Jewish people celebrating LGBT pride in Chicago were told they could not display the Israeli flag because other people found it “offensive.” Ironically, the march from which they were banned is described by organizers as being “more inclusive” than Chicago’s main Pride parade.
Several people who carried the Star of David flag were removed from the march. One of them said that she lost count of the number of people who harassed her. The organizers explained that they are “anti-Zionist” and that their organization “supports the liberation of Palestine and all oppressed people everywhere.”
Jews were not the only people rejected by this march for “tolerance”—American flags were also not welcome, as they were likewise considered signs of oppression. Flags from other nations were present at the event, however.
The illogic of the organizers’ position is remarkable.
First, they assume that the Chicago marchers supporting LGBT rights in Israel are opposed to the liberation of Palestine. Having traveled to Israel more than twenty times, I can testify that many—if not most—Israelis want a separate state for Palestinians.
Second, Israel is one of the most LGBT-affirming nations on earth. It legalized same-sex relations in 1988, banned employment discrimination against gays in 1992, and included openly gay Israelis in the draft in 1993. Tel Aviv has been named the world’s best gay travel destination. Every year, it hosts one of the largest gay pride parades in the world.
Israel’s critics accuse it of “pink-washing,” endorsing gay rights to distract from its alleged abuses of the Palestinian people. Do they make the same claim against Brazil, which has legalized same-sex marriage but has major problems related to prison overcrowding and rural violence? Or Colombia, which has embraced “marriage equality” but has the second largest population of internally displaced persons in the world? Or Uruguay, which has legalized same-sex marriage but reportedly mistreats minorities?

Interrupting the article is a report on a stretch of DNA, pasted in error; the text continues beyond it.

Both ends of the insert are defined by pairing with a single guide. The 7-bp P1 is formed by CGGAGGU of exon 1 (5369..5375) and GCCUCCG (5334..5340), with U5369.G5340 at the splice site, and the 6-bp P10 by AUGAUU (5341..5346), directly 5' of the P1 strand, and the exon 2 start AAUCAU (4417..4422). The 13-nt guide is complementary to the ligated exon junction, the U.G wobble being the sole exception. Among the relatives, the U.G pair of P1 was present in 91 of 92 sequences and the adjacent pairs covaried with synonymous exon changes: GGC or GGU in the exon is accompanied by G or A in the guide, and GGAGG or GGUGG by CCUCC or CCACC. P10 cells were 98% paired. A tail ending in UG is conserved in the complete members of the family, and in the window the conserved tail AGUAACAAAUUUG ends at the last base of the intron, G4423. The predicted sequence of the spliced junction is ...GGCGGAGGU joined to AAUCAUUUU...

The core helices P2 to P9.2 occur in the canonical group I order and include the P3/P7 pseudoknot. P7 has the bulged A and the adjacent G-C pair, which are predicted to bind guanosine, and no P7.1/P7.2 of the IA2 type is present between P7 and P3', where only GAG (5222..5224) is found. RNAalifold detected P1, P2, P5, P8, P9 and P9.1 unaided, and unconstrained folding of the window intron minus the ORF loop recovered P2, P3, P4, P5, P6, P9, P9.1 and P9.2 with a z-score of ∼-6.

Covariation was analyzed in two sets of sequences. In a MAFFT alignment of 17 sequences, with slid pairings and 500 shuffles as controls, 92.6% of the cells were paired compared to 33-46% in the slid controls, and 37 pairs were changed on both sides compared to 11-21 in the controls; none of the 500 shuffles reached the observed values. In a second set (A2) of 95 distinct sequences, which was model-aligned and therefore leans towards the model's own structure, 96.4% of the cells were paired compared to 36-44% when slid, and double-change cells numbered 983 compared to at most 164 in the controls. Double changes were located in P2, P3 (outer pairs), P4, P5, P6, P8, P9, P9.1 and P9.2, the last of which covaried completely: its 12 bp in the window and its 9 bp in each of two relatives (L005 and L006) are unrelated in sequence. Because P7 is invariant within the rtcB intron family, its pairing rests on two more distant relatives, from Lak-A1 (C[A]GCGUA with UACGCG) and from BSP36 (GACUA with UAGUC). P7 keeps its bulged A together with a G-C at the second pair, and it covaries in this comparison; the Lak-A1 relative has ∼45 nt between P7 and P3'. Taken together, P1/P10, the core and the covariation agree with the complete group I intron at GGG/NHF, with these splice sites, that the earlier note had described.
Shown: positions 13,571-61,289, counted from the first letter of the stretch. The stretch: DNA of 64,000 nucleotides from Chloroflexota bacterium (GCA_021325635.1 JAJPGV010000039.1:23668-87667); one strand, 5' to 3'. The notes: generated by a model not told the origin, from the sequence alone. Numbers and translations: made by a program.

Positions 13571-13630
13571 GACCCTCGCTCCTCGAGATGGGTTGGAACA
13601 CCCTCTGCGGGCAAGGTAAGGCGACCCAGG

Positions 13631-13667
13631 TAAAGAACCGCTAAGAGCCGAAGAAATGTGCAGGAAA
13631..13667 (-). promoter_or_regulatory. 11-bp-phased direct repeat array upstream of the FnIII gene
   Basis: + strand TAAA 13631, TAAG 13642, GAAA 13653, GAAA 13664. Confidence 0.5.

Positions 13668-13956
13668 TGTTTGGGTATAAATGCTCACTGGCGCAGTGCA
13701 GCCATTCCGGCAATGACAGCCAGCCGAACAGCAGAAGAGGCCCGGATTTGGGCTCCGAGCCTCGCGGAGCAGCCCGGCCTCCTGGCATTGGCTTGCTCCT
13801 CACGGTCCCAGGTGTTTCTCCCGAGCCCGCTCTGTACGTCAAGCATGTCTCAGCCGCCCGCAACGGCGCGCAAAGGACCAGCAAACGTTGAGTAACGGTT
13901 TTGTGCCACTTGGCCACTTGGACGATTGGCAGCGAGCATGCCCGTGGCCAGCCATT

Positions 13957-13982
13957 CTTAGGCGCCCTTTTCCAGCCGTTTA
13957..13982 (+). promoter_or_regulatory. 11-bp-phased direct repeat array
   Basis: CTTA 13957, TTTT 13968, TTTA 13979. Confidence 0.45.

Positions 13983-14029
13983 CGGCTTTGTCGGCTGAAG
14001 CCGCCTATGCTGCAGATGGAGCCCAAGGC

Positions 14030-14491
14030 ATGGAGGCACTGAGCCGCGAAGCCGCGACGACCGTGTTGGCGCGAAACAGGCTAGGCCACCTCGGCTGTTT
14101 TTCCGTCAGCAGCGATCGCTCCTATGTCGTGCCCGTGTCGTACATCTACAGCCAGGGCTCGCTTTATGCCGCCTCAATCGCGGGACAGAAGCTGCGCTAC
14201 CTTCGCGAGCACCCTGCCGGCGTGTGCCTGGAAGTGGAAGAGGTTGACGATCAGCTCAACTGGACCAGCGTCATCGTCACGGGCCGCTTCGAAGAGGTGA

I am not endorsing Israel’s LGBTQ endorsement or “marriage equality” in any country where it has been enacted. My point is that many who advocate for “tolerance” are remarkably intolerant of ideologies with which they disagree. The best way to measure whether we accept all people is whether we accept people whose beliefs we oppose.
The Christian way is clear: “Love your enemies and pray for those who persecute you, so that you may be sons of your Father who is in heaven” (Matthew 5:44). Loving and agreeing are not the same thing. Sometimes the most gracious thing we can do is to oppose unbiblical ideas and actions because we love the people they harm.
Regarding sexuality, the “tolerance train” has left the station. If, like me, you disagree with what its advocates believe, prepare to be labeled, caricatured, and scorned. Then choose to risk their rejection by telling them the truth in love (Ephesians 4:15).
Our mission is simple: Christians are called to love every person Jesus loves.